Sunday, September 01, 2013

one way Apple could respond to the e-book judgement

Assuming they don't win a reversal of the e-book judgement on appeal, Apple still has options.

One option would be for them to move the preponderance of the code in the iBooks app into iOS and OSX, making it available through a new high-level API, so publishers could easily build their own apps based on the Apple code, providing a relatively uniform experience for users, and an opportunity for Apple to incorporate indexes to the collections in these other apps into its own iBooks app, or into a new utility that treated iBooks as just another instance of the category.

Presumably Amazon would also take advantage of this code to build their own iOS/OSX reader.

As for sales, besides the iBooks Store, Apple could offer to host, for a nominal fee, publisher-specific stores that worked with the apps based on Apple's iBooks code and used Apple's payment system, as well as allowing those apps to work with non-hosted stores.

The advantage to Apple is that it would make it possible for them to make their platforms clearly superior for e-book reading, through API improvements that would improve the behavior of all apps based on that API, including Amazon's, giving publishers an even better reason than they already have to be on Apple's platforms.

Smaller publishers and independent authors would still choose the iBooks Store. Medium-sized publishers might opt for their own stores, hosted by Apple. The largest publishers would most likely prefer to host their own stores in-house, but still take advantage of Apple's e-reader code.

While it's unlikely those opting for publisher-specific stores would agree to Apple's usual 30% cut, Apple could set a lower commission for hosted stores, say 20%, and a still-lower commission for independent stores, say 10%, and continue to garner revenue from the e-book business.

How Apple could monitor sales via independent stores and collect their 10% isn't clear to me, but I'm fairly confident they could find a way of doing so, and by making this their standard approach to the business they could at least put Amazon in the position of having to choose between coughing up 10% of sales or doing without access to the API that enabled a uniform reading experience.

two wrongs don't make a right, but some wrongs are more dangerous than others

Cult of Mac has published a thoughtful piece about the e-book antitrust case against Apple and a collection of publishers with whom Apple was working to build its iBook Store business, in which they link to another thoughtful piece, published by FORTUNE.

The FORTUNE article asks one very poignant question, “Why the Justice Department chose to prosecute the new entrant in the e-book market, and not the monopolist.”

To me it looks like the DoJ chose the safer target. With all of the patent litigation in which it is embroiled, Apple's star is already tarnished. Also, the notion that there might be something illegal about raising prices (conspiring to do so, actually) is likely to play well with the public.

Everything else being equal, lower prices are generally in the public interest. I say 'generally' because there are exceptions. Too low a price on gasoline, for example, would forestall development of alternatives to the internal combustion engine until the last drop of petroleum had been pumped from the ground.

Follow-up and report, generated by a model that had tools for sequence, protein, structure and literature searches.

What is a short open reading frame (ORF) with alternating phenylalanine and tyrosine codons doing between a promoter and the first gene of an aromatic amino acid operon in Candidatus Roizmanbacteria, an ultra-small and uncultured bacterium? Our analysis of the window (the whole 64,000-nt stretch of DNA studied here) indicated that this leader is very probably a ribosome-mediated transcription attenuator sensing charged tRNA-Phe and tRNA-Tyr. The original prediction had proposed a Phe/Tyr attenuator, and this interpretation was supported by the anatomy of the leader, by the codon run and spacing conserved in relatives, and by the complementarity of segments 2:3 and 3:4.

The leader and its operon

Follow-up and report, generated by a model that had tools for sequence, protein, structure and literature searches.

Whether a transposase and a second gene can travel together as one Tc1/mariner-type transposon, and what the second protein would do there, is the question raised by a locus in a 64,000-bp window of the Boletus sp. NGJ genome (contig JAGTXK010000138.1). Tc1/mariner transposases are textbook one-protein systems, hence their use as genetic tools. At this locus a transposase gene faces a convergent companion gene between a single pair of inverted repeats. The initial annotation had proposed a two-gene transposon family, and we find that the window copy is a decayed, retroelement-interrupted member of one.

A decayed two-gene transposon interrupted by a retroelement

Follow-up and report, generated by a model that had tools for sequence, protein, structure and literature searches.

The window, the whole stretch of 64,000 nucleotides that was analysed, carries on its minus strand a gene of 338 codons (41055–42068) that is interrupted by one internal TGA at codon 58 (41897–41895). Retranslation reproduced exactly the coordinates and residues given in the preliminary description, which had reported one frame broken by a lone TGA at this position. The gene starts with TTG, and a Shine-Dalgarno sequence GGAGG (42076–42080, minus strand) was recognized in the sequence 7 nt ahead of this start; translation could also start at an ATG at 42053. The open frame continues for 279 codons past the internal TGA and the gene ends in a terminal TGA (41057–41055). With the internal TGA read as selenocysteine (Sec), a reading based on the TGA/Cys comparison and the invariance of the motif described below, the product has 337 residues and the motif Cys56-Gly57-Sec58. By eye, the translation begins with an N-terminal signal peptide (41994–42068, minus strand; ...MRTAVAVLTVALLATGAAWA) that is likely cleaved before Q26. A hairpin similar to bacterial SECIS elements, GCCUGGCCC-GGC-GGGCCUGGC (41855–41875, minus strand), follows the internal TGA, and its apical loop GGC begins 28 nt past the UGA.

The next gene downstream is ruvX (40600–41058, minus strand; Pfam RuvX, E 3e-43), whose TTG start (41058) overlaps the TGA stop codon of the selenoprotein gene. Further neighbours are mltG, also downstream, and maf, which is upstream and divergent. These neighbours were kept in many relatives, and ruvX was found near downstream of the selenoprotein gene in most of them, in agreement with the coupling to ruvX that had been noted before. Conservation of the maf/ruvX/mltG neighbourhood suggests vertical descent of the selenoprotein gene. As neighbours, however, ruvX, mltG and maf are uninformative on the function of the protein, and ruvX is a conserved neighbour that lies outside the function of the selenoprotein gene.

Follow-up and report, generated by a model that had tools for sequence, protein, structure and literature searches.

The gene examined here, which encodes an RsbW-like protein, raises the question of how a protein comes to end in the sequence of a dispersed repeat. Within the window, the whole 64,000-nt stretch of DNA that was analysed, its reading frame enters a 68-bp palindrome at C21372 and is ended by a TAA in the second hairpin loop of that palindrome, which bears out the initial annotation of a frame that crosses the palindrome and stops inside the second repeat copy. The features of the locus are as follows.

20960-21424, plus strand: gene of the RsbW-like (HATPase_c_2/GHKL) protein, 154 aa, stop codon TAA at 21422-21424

In the case of e-books, the logic is a little different. Let's start by examining the costs involved in publishing books on paper. First there's the compensation to the author, without which many books would never be written. It's not that authors are greedy, but that they need to be able to treat writing as a full-time job to get anything done. They need to be able to live off the proceeds of their writing. Some manage a comfortable living this way; more live on a shoestring.

Then there's the costs to the publisher, which include managerial overhead as well as editing, typography, graphics, and making sure all the legal ducks are lined up. Then come costs for printing, distribution, and publicity, frequently including author tours.

E-books replace the costs of printing and distribution with the negligible cost of a download, making it reasonable that they should be less expensive than the print versions of the same books, but how much less expensive? One could argue that since they seemingly reduce all incremental costs to that of the bandwidth used by downloads, there is no limit to how low the price can go, since the fixed costs can be spread over arbitrarily large sales figures. The flaw in that argument is that one incremental cost remains in the e-book scenario, market saturation, so price reductions will not necessarily result in a proportionally larger market.

The Amazon model is akin to a print distributor which has purchased the right to reproduce and sell some title, for a flat fee plus marginal royalties. The Apple model is like a distributor which charges a percentage of the retail price, paying for printing out of its cut. Neither of these is necessarily better or more appropriate than the other; they're just different.

The problem with Amazon's use of their model is that they have engaged in predatory pricing, sometimes selling e-books below their cost, with the result that they have very little competition.

The problem with Apple's model is that the publishers liked it so much that they wanted to force it on Amazon.

So DoJ hauls Apple into court, and orders it to change its model. Go figure.